Ask a Question: The scientific method starts when you ask a question about something that you observe: How, What, When, Who, Which, Why, or Where?
Do Background Research: Rather than starting from scratch in putting together a plan for answering your question, you want to be a savvy scientist using library and Internet research to help you find the best way to do things and insure that you don't repeat mistakes from the past.
Construct a Hypothesis: A hypothesis is an educated guess about how things work:
"If _____[I do this] _____, then _____[this]_____ will happen."
Test Your Hypothesis by Doing an Experiment: Your experiment tests whether your hypothesis is supported or not. It is important for your experiment to be a fair test. You conduct a fair test by making sure that you change only one factor at a time while keeping all other conditions the same.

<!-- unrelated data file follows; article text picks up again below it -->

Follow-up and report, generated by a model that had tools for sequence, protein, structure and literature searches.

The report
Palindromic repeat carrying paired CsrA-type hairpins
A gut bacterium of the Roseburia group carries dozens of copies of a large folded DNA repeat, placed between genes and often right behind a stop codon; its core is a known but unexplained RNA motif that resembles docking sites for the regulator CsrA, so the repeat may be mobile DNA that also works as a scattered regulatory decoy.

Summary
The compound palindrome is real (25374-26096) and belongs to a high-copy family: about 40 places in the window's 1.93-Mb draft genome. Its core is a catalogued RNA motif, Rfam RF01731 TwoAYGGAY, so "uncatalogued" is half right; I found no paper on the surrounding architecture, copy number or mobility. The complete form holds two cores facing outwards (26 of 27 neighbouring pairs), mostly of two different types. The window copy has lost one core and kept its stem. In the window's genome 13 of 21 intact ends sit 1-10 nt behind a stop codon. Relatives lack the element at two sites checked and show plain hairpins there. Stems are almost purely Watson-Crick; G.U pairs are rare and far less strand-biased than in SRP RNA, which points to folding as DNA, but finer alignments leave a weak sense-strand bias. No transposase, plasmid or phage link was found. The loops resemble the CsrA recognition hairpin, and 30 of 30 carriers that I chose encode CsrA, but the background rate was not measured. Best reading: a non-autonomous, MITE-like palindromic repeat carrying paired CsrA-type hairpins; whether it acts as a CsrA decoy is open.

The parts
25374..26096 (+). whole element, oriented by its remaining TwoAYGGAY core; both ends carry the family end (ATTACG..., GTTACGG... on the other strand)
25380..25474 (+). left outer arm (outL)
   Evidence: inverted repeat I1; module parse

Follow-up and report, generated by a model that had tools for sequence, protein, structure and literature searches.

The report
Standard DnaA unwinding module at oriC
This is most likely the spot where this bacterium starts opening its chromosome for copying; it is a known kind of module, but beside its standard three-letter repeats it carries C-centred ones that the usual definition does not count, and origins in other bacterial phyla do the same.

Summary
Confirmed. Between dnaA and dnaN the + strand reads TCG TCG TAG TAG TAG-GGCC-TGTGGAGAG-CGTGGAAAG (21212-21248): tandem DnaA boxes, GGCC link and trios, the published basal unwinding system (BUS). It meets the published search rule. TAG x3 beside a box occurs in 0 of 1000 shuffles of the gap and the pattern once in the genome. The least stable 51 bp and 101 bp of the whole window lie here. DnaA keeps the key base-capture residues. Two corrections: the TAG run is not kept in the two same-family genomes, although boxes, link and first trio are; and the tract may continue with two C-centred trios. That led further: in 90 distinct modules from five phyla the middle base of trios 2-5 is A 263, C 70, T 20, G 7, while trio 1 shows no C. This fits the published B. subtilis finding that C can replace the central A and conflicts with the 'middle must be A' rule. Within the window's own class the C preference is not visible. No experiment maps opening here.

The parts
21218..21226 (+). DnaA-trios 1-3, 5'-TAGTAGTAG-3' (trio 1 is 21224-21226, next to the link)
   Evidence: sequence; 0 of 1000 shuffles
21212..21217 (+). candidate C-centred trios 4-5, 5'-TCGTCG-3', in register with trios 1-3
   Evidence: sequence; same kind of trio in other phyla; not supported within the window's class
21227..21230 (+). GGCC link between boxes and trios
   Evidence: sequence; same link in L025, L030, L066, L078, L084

Analyze Your Data and Draw a Conclusion: Once your experiment is complete, you collect your measurements and analyze them to see if they support your hypothesis or not.
Communicate Your Results: To complete your science fair project you will communicate your results to others in a final report and/or a display board. Professional scientists do almost exactly the same thing by publishing their final report in a scientific journal or by presenting their results on a poster at a scientific meeting.
Pseudoscience is a claim, belief or practice which is falsely presented as scientific, but does not adhere to a valid scientific method, lacks supporting scientific evidence or plausibility, cannot be reliably tested, or otherwise lacks scientific status.
Content will be erased after question is completed.